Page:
It wasn’t until this past winter, when I did a public reading from Moby at The Plastic Club here in town, that I was introduced by Anders Hansen to Melville’s larger oeuvre through a selection of the definitive Northwestern-Newberry editions, six of which he lent me: Typee (pub. 1846), Omoo (1847), Mardi (1849), Redburn (1849), White Jacket (1850) – all published before Moby – and Pierre (1852), the novel immediately after Moby, which basically ended Melville’s career as a novelist. Now thereby hangs a tale! Anyway, last spring I read Melville’s first novel, Typee: A Peep at Polynesian Life published when he was 27-years old, perfect for a first Saturn return. This exotic adventure tale of escape and salvation based on Melville’s youthful experiences in the South Seas was a mesmerizing story, which I read quickly, and which I had also owned in a Classics Illustrated version, in my quest to have a complete set. As with the poorly-illustrated version of Moby I didn’t enjoy the quality of the drawn figures, so I never bothered to read the story. However, reading this fantastically sensuous tale last winter – perfect season to escape to the South Seas – sparked the creation of a series of playfully erotic pencil drawings in February and March. Shortly thereafter I read the Maurice Sendak-illustrated Herschel Parker-edition of Pierre, or the Ambiguities – Melville’s seventh novel that I referred to above – an extraordinary novel of delusion-run-rampant that was way ahead of its time in psychological impact. Back-tracking to novel number two, Omoo: A Narrative of Adventures in the South Seas the reading became a slog; dragging on through the spring, finally reaching the finish line in early July. Pressing on soon thereafter to the third novel Mardi: And a Voyage Thither I have discovered the novel in which Melville the talented and imaginative reporter/travel-writer truly matures into Melville the great romantic poet who uses prose as his medium. I’m a third of the way through…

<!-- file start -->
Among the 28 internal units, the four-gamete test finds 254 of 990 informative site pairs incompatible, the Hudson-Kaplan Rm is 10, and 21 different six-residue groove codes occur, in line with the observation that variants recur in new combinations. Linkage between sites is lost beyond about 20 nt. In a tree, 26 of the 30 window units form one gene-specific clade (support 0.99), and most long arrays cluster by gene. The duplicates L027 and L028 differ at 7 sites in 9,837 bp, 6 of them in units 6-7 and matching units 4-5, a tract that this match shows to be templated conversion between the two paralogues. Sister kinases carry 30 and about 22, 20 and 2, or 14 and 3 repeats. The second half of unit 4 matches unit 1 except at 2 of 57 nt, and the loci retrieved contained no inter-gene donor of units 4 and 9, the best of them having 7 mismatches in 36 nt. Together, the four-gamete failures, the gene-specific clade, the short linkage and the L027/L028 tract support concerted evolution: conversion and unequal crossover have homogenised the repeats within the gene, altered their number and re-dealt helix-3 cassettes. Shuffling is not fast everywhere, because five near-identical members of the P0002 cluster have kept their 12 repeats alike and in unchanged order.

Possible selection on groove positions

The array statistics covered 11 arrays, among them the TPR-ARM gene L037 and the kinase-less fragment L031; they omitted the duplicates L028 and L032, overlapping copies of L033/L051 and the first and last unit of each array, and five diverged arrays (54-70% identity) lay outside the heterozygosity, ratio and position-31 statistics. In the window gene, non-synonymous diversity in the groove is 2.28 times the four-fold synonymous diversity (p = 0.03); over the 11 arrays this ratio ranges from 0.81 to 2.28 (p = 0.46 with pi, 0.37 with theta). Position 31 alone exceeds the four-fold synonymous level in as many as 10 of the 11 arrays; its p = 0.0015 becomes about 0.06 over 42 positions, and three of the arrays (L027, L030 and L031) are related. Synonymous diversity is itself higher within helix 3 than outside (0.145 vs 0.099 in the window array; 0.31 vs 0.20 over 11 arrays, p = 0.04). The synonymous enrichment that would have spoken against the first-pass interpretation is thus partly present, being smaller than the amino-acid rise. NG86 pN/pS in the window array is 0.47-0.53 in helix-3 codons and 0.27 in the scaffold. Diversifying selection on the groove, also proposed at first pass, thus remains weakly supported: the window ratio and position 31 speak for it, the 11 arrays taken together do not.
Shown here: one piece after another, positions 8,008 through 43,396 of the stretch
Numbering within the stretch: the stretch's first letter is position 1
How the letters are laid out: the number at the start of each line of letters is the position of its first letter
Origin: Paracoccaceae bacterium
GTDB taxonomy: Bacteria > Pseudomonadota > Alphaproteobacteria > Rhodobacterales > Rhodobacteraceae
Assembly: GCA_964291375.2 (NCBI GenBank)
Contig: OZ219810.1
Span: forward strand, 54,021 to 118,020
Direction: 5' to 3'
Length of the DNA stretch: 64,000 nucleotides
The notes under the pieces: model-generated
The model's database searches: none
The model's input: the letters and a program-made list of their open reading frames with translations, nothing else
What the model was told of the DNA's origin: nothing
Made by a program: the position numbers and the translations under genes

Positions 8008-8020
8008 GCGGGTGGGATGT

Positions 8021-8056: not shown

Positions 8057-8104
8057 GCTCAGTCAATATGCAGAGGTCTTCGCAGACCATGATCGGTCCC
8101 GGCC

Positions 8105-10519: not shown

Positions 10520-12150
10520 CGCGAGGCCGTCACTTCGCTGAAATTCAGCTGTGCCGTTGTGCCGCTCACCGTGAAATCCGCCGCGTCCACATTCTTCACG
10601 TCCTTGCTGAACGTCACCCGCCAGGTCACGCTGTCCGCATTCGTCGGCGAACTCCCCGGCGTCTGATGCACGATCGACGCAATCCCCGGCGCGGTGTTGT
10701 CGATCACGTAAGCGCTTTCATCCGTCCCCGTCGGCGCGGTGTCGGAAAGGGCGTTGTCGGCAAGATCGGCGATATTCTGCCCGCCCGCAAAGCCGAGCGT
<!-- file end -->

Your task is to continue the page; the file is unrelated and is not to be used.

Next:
That still leaves a lot of Melville to read, which I’m looking forward to. Especially recommended by Bob Brault, whom I’ve often quoted in my emails, is The Encantadas or Enchanted Isles from 1854. And let’s not forget Billy Budd left unfinished when Melville died in 1891, published posthumously in 1924. Bon Voyage!